In light of the substantial decline in profitability of both Fannie Mae and Freddie Mac for 2014, Urban Institute senior fellow Jim Parrott, a former economic adviser to President Obama, examined the likelihood of Freddie Mac making another draw from the U.S. Department of Treasury in a research brief published Monday entitled "What to Make of the Dramatic Fall in GSE Profits."
A hugely profitable year in 2013 for both Fannie Mae ($84 billion) and Freddie Mac ($49 billion) shifted widespread speculation from winding down the two GSEs to instead ending FHFA's conservatorship of the two Enterprises, which began in September 2008 after the two received a combined $188 billion from Treasury in bailout funds.
The 2014 profits for the GSEs, however, fell way short of their 2013 numbers ($14 billion for Fannie Mae and $8 billion for Freddie Mac), including a 90 percent year-over-year decline in profits for Freddie Mac during the fourth quarter of 2014.
When the losses for the GSEs exceed their capital buffer – which is $1.8 billion for 2015 – the Enterprises would require a draw from Treasury, which they have avoided since 2012 (in 2012, the terms of the 2008 bailout agreement were amended, and since then nearly all GSE profits have been swept into Treasury). The GSEs' capital buffer is being reduced by $600 million per year until it is extinguished completely in 2018.
The reason for the loss in profits for both institutions is that much of their revenue streams in 2013 were largely disappearing, according to Parrott. About half of the profits for both Enterprises that year came from reclaiming written-down tax assets ($45 billion for Fannie Mae and $23 billion for Freddie Mac); between a quarter and a third of the profits came from their portfolios ($19 billion for Fannie Mae and $16 billion for Freddie Mac), and each received a significant sum from legal settlements, though it is difficult to determine exactly how much due to the dispersement of the settlement funds among larger revenue streams.
"The only major revenue source not being wound down is what the GSEs generate from their core guarantee business, in which they collect a fee in exchange for guaranteeing the default risk of loans for investors," Parrott wrote.
The primary source of profits for the GSEs in 2014 came from guarantee fees - $9 billion out of $14 billion for Fannie Mae and $4 billion out of $8 billion for Freddie Mac.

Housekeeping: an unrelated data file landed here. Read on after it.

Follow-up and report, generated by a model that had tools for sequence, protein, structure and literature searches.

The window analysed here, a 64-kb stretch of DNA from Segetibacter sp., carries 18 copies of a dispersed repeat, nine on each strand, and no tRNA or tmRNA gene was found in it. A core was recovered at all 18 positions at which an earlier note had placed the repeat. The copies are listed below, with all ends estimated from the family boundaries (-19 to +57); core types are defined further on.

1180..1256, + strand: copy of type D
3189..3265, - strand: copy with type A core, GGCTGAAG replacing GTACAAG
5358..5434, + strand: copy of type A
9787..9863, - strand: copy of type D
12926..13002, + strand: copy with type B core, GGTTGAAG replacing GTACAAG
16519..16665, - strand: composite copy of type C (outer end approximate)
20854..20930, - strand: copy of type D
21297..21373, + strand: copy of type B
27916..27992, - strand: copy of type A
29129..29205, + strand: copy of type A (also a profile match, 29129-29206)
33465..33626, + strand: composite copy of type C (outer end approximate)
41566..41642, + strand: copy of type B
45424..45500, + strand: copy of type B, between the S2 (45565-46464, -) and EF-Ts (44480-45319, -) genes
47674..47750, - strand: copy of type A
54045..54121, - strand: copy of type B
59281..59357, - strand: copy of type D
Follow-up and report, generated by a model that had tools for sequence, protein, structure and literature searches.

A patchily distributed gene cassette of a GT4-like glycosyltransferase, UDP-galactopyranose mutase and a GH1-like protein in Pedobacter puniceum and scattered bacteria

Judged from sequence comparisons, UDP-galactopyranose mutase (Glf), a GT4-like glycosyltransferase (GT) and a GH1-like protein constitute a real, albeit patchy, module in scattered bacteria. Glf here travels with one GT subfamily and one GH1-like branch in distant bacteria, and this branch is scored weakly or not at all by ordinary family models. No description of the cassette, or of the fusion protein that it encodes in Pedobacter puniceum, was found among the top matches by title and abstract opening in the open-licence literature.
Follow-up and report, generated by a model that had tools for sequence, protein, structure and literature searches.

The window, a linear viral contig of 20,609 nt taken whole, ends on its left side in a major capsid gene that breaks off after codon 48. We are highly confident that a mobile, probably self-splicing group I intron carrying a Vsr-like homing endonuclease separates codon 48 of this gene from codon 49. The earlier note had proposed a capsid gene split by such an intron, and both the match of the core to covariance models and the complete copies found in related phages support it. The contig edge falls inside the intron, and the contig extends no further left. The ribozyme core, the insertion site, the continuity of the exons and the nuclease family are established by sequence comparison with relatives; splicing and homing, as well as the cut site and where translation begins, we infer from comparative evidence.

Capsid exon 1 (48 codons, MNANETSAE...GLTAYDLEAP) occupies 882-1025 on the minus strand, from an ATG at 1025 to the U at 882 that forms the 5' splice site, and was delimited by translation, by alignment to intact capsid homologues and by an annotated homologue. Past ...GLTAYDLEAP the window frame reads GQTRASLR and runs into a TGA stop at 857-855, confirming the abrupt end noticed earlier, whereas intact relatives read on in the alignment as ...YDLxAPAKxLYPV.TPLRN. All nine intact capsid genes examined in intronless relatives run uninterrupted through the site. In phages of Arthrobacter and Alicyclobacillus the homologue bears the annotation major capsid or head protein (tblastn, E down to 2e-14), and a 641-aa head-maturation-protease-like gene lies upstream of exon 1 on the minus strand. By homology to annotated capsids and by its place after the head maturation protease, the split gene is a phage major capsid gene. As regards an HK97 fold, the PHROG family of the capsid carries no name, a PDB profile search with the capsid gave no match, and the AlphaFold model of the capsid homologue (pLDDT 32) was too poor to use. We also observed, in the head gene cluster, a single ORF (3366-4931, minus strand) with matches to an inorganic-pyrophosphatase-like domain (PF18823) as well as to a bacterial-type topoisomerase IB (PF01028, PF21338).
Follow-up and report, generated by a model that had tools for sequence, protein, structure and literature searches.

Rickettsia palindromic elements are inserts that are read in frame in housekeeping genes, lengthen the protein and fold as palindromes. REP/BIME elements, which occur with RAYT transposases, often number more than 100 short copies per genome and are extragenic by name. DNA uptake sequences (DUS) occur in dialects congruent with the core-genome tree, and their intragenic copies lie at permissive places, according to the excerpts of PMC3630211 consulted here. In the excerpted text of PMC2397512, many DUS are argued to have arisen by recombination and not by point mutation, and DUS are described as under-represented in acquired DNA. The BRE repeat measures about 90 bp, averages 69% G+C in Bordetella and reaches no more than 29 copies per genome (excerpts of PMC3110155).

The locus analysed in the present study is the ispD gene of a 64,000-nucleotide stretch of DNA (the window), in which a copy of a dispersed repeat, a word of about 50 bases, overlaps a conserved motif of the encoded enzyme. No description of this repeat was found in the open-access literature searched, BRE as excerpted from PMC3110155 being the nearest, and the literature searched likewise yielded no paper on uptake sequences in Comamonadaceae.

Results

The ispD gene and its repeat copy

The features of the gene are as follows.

Parrott says he believes that it is unlikely Freddie Mac will need to make a draw on Treasury for three reasons: first, he expects Freddie Mac's accounting losses on its derivative position to reverse as interest rates rise; second, Parrott said Freddie Mac's portfolio will still be significant for the next couple of years; and third, Freddie Mac's older loans with lower guarantee fees will gradually be replaced with new loans that have higher guarantee fees, which will result in an increase in revenue.
But while he said he does not believe Freddie Mac will require a draw in the immediate future, that may change a couple of years down the road.
"When the private-label securities market finally comes back and Freddie’s market share decreases, so will the revenue from its guarantee business," Parrott wrote. "And if Freddie finally opens up its credit box, Freddie will expose itself to more risk and, depending on how well it prices that risk, more volatility in its earnings. No longer able to counter losses in this business with gains on its portfolio investments, Freddie becomes increasingly exposed to changes in the economic environment. In short, Freddie’s risk of a draw goes up."
Freddie Mac has a $140 billion line of credit with Treasury, however, so if the Enterprise did require a draw, "substantively, not much" would happen in the immediate future, Parrott wrote. However, investors will begin to demand a discount to cover the risk should Freddie Mac's draw eventually exceed the line of credit amount.